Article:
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Changing limits of integration to infinity Watch

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    I am doing the final part of the question, so using the substitution suggested:

    x = \tan \theta

    when \theta = \frac{\pi}{2}, x = \infty    (*)

    \Rightarrow when  \theta = \frac{3 \pi}{2}, x = \infty

    \Rightarrow \tan \frac{\pi}{2} = \tan \frac{3 \pi}{2}

    \Rightarrow \frac{1}{2} = \frac{3}{2}

    I don't understand how you can say this (*), surely it is undefined?
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    (Original post by lizard54142)
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    I am doing the final part of the question, so using the substitution suggested:

    x = \tan \theta

    when \theta = \frac{\pi}{2}, x = \infty    (*)

    \Rightarrow when  \theta = \frac{3 \pi}{2}, x = \infty

    \Rightarrow \tan \frac{\pi}{2} = \tan \frac{3 \pi}{2}

    \Rightarrow \frac{1}{2} = \frac{3}{2}

    I don't understand how you can say this (*), surely it is undefined?
    It's a very minor abuse of notation. If you restrict theta to the interval 0 to pi/2 then as theta approaches pi/2, x increases unboundedly i.e. it approaches positive infinity. We just write the infinity symbol as the upper limit even though it's not actually a number to represent what's really going on.
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    (Original post by davros)
    It's a very minor abuse of notation. If you restrict theta to the interval 0 to pi/2 then as theta approaches pi/2, x increases unboundedly i.e. it approaches positive infinity. We just write the infinity symbol as the upper limit even though it's not actually a number to represent what's really going on.
    Thanks for the reply.

    Okay, yeah that's what I originally thought. Say then we define an integral as:

    \displaystyle\int^a_0 f(x)\ dx

    let  u = \dfrac{1}{x}

    Using this substitution, how would the limits change in this case?
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    (Original post by lizard54142)
    Thanks for the reply.

    Okay, yeah that's what I originally thought. Say then we define an integral as:

    \displaystyle\int^a_0 f(x)\ dx

    let  u = \dfrac{1}{x}

    Using this substitution, how would the limits change in this case?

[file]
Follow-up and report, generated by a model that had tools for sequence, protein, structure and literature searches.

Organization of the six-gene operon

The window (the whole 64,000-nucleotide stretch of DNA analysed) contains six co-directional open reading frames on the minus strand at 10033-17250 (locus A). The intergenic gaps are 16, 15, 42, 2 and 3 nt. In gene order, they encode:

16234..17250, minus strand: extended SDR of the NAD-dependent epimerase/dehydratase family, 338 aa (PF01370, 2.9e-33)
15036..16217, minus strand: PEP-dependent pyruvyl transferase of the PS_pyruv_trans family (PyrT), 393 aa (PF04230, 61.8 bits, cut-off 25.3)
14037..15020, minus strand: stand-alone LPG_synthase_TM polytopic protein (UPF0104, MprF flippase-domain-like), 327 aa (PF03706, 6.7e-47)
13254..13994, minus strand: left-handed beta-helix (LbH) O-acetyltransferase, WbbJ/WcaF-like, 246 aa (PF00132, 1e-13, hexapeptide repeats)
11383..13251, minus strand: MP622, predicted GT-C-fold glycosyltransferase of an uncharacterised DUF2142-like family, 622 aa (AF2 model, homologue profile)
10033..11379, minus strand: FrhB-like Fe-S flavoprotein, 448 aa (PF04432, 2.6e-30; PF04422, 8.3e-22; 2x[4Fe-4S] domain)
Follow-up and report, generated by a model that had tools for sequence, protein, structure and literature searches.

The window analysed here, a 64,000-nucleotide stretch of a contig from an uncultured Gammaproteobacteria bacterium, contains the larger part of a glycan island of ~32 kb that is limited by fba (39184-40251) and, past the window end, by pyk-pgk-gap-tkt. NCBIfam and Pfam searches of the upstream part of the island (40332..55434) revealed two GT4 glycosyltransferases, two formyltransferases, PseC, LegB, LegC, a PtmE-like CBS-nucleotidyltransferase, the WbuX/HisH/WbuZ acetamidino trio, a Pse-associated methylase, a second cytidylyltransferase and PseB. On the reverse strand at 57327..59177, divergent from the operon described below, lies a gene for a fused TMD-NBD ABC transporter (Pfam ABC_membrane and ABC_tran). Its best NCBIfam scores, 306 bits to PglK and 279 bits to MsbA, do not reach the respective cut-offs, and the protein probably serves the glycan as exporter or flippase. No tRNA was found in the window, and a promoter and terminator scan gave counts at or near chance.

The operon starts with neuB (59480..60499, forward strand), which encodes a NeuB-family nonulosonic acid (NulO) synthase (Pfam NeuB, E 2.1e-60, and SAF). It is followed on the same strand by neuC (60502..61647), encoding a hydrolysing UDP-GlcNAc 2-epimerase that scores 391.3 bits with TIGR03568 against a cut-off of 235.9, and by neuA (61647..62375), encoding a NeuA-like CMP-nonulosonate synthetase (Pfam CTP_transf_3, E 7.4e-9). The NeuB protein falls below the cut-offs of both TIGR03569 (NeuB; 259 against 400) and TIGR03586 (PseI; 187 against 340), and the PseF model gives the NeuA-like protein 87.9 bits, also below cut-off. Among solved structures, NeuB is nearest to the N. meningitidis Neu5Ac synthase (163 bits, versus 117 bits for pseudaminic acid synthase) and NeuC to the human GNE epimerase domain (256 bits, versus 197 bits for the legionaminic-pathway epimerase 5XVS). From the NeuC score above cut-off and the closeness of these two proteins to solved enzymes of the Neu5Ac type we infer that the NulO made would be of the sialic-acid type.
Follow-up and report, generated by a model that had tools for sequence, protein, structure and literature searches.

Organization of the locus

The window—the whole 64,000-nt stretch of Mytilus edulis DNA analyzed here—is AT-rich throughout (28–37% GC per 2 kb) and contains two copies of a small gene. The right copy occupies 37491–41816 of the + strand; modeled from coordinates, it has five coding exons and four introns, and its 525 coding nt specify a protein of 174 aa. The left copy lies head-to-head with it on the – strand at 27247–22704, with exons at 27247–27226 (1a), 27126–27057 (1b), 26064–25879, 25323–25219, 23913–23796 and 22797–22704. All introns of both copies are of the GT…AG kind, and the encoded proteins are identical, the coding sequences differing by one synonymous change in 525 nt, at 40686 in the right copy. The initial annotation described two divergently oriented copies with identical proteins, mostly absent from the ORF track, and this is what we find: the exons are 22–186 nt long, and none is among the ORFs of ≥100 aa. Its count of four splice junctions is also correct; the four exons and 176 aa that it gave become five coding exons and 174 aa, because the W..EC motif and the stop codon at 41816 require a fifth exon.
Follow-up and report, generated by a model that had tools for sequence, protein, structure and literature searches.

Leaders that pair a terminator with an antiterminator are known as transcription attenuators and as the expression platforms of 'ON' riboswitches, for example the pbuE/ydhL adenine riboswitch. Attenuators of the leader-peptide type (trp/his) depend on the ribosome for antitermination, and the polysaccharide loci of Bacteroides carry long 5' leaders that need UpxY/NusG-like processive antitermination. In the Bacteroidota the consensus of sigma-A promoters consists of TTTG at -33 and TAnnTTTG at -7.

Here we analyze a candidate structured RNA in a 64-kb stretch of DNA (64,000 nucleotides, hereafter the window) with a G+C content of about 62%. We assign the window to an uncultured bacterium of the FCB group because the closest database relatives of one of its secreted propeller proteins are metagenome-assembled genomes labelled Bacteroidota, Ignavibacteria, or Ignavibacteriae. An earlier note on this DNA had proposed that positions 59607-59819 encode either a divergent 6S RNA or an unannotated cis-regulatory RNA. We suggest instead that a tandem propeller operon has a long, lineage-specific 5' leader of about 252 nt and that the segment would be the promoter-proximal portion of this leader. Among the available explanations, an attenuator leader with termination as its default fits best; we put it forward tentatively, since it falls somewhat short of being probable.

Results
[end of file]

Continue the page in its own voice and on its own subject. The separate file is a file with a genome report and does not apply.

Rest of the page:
You need to be careful because 1/x is again undefined at 0. If a > 0 then you're using that branch of 1/x which approaches +infinity as x->0 from above so again you will use +infinity as the limit of integration.
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    (Original post by davros)
    You need to be careful because 1/x is again undefined at 0. If a > 0 then you're using that branch of 1/x which approaches +infinity as x->0 from above so again you will use +infinity as the limit of integration.
    Okay, so the new integral would be:

    \displaystyle\int^\infty_\frac{1  }{a} \ f(u) \dfrac{x^2}{1} \ du

    Is this correct?

    Also another question, say we have evaluated a definite integral and have this:

    \displaystyle \left[ f(x) \right]_0^\infty

    Is this equal to:

    \displaystyle(\lim_{x\to \infty} f(x)) - f(0)
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    (Original post by lizard54142)
    Okay, so the new integral would be:

    \displaystyle\int^\infty_\frac{1  }{a} \ f(u) \dfrac{x^2}{1} \ du

    Is this correct?

    Also another question, say we have evaluated a definite integral and have this:

    \displaystyle \left[ f(x) \right]_0^\infty

    Is this equal to:

    \displaystyle(\lim_{x\to \infty} f(x)) - f(0)
    You need a 1/u^2 in your integral - you can't leave it as a mixture of u's and x's!

    And yes, your final expression is how we define how to evaluate a definite integral when one of the limits is infinite.
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    (Original post by davros)
    You need a 1/u^2 in your integral - you can't leave it as a mixture of u's and x's!

    And yes, your final expression is how we define how to evaluate a definite integral when one of the limits is infinite.
    Yeah I understand you can't have a mixture, I just left it like that because I was lazy okay I think I have this sorted now, thanks.
 
 
 
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